Today marks the 20th anniversary of Radiohead‘s The Bends, the second album from the Oxford quintet and the LP that proved Thom Yorke and Co. were more than just “Creep.” With tracks like “High and Dry,” “My Iron Lung” and “Street Spirit (Fade Out),” the record would go on to influence a new wave of rock groups like Coldplay, Muse and Alt-J, the latest act to be levied with the “next Radiohead” label by the British press.
Rolling Stone spoke to drummer Thom Green, the band’s resident Radiohead fanatic, to talk about The Bends and the impact Radiohead had on Alt-J’s early years.
I think I was about 15 the first time I heard The Bends. I went to a wedding and I was getting a lift back from my dad’s friend, Dave, and he was playing it in the car on the way back. At the time, I strictly listened to metal and grunge, I wouldn’t listen to anything else. But listening to The Bends on that journey, I felt so relaxed. So I remember hearing it and thinking, “This is actually pretty good.” At the time, it did have an impression on me. I thought I should look [Radiohead] up, because sonically, the album is pretty incredible.
It wasn’t until I was 19 that I got a set of drums and, like I said, I was still strictly metal. I was in a metal band. But when I turned 21, at university, when [Alt-J] met each other, the combination of being at art school and being around creative people of similar mind, and being around people who listened to different kinds of music, it changed my life, really. The way I go about music, the way I hear music, the way I relate to people. The Bends, and hearing In Rainbows as well, it made me dig into every nuance of Radiohead’s music. Every single track on every single album was so incredible — with the exception of a couple, maybe — and I thought, “How did I miss this?”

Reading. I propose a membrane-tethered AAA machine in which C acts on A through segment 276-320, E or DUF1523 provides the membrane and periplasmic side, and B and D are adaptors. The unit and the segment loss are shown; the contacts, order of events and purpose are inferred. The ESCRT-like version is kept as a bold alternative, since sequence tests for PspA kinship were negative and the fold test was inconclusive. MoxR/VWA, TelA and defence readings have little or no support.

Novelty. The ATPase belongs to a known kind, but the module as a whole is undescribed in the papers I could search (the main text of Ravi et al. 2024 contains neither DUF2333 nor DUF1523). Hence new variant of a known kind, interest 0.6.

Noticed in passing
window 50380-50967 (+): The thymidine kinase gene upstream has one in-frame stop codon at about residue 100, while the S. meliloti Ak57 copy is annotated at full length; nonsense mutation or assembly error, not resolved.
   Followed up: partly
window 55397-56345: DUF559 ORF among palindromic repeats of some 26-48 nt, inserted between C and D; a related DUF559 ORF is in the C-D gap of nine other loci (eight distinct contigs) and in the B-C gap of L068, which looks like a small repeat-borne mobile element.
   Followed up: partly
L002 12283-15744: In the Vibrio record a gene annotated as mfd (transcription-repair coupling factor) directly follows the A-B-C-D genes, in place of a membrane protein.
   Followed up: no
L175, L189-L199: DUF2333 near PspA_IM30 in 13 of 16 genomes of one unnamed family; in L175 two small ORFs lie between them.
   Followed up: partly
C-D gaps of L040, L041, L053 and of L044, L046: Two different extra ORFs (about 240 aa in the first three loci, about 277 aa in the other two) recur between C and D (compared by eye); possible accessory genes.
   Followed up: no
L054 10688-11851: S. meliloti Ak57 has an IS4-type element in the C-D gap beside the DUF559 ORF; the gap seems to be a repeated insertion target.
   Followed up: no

Radiohead could record [The Bends] tracks today and the sound would still be timeless. It doesn’t sound like it was recorded 20 years ago. My favorite Bends track is “Street Spirit,” it reminds me of the later stuff Radiohead were doing. What makes it a brilliant song is how the strings surround you and the long drawn-out synths. It’s such a mature track when you compare it to something like “High and Dry”; it’s a more refined song, and I really like the darker sounds of their albums.
[Phil Selway’s] drumming definitely influenced my style. When Alt-J got first together, I had a minimal setup and the way Joe [Newman] plays guitar, he plays very rhythmically, doesn’t play a lot of chords, so I had to pick up on that and, subconsciously, I think Selway’s drumming played into that, the off-beats and the odd time signatures. He just fits so well with the instrumental, and I just started playing like that.
I haven’t seen Radiohead live. It’s just never happened. I don’t really get to that many shows. We’ve never crossed paths either. Well, once, Alt-J played Glastonbury and we were watching the Rolling Stones when Thom Yorke and [Radiohead guitarist] Ed O’Brien walked past me — they weren’t playing that year, they just walked past — and I just went into shock. I couldn’t move, I couldn’t speak. When you’re obsessed with a band that much, they become like a myth, like they’re not even real people.